Firms that are based in a city with high levels of air pollution have much lower efficiency when it comes to corporate investments, according to new research from Durham University Business School.
Guanming He, Professor in Accounting at Durham University Business School, alongside Tiantian Lin, from Beijing Jiaotong University, found that air pollution adversely impacts managers’ mood, judgement, and decision-making on corporate investments, and thereby reduces the investment efficiency of firms.
To do so, the researchers used data from the Air Quality Index (AQI) - constructed and published by the Ministry of Environment Protection of China in 2014 - and compared recorded pollution levels to the financial, governance, and stock market data for 2174 Chinese listed firms for the period 2014–2019, according to the Chinese Stock Market and Accounting Research Database.
These firms were based over 230 cities in China, and the researchers found that the degrees of inefficient investments, over-investments, or under-investments by firms located in the worse polluted cities are, on average, 7.6%, 8.6%, and 5.5%, respectively, higher than those located in the less polluted cities.
Professor He says,
“As investment efficiency of a firm is lowered by air pollution, the firm might face shrinking profitability and deteriorating performance, losing their competitive advantage in the long term. Managers might also suffer, as their compensation and career prospects are often tied to the profitability and performance of their firms.”
However, the researchers discovered that a city’s green space coverage and humidity did not have direct impacts on firms’ investment efficiency.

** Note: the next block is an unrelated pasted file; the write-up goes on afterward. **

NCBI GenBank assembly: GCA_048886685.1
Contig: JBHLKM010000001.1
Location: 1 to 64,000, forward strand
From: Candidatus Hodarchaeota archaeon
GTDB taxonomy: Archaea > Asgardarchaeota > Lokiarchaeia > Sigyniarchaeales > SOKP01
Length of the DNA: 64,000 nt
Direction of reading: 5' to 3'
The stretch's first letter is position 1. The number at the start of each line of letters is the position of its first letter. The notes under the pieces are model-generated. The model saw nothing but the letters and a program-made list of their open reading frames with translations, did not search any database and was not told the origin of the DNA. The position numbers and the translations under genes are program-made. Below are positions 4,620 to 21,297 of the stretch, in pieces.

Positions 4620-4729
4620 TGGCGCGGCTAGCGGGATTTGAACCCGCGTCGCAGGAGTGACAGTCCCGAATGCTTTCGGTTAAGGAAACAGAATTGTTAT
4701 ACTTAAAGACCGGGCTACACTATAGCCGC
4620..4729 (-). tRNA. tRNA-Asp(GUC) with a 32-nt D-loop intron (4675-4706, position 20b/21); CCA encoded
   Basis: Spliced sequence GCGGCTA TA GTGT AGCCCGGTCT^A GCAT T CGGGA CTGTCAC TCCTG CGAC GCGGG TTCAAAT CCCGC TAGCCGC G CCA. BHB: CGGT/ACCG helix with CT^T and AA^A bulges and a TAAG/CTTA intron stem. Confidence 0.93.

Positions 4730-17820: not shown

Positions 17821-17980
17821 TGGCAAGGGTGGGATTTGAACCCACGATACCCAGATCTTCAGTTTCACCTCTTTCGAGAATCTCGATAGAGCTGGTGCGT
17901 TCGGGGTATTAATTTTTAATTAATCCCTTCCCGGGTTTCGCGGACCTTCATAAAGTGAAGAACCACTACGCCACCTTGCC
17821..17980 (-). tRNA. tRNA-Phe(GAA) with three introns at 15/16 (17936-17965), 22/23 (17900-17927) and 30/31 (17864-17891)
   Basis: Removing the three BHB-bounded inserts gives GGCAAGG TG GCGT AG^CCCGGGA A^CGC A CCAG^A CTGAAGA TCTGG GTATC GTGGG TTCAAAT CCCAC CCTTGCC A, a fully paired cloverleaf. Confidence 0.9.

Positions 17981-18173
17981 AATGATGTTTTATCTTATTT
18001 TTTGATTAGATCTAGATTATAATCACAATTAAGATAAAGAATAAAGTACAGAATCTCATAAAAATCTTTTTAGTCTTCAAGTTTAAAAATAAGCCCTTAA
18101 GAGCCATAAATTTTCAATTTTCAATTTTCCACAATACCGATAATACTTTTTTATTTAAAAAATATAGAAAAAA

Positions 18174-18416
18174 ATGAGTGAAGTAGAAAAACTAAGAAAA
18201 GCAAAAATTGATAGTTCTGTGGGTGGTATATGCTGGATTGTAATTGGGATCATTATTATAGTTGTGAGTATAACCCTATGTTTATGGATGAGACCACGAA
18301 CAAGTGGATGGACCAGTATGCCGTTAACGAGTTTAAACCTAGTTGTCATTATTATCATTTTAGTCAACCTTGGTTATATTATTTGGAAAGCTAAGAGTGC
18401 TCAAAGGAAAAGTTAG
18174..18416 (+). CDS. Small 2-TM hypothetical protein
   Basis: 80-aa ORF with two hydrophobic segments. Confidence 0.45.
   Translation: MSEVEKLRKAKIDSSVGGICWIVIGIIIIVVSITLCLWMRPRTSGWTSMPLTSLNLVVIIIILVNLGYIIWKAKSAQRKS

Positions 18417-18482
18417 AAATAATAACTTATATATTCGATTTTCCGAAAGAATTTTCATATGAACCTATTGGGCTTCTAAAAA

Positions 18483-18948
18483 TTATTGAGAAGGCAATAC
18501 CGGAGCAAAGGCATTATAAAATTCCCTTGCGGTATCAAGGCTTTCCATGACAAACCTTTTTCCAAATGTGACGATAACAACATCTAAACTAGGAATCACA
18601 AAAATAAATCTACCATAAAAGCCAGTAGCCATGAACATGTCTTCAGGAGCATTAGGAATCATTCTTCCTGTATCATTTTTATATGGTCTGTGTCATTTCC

The study also explored whether other characteristics of Chinese firms, such as firm size, profits etc., had any impact on the efficiency of their investments in polluted areas. The researchers found that the negative impact of air pollution on firms’ investment efficiency is stronger for small firms, non-state-owned firms, financially constrained firms, and firms faced with high business risk or fierce industrial competition.
The researchers proposed two ways to mitigate the negative impact of air pollution on firms’ investment efficiency. First is to improve the indoor air quality of the working places for the managers and employees. For example, firms might use ecological and healthy green building materials, air purifiers, houseplants or even adopt working from home practices, to ensure managers are breathing less polluted air.
Secondly, firms may have investment decisions made in their branch offices, which have higher air quality. If moving locations for the decision-making is not at all possible, having investment decisions reviewed by the investment experts whose work base is not in an air-polluted city is advised.
The researchers state that the findings of their paper clearly show how the environment can help or hinder an economy by affecting the decision-making process at the c-suite, and provides valuable learning opportunities for managers.
For firms, this showcases that air pollution is a very clear barrier to being as efficient as possible in the important decision-making for firms, and firms should look into ways to alleviate this. For policymakers, the researchers suggest their findings underscore the importance of reducing air pollution (via, e.g., enforcing related environmental policies), given the essential role of corporate investments in promoting a country’s economic growth.
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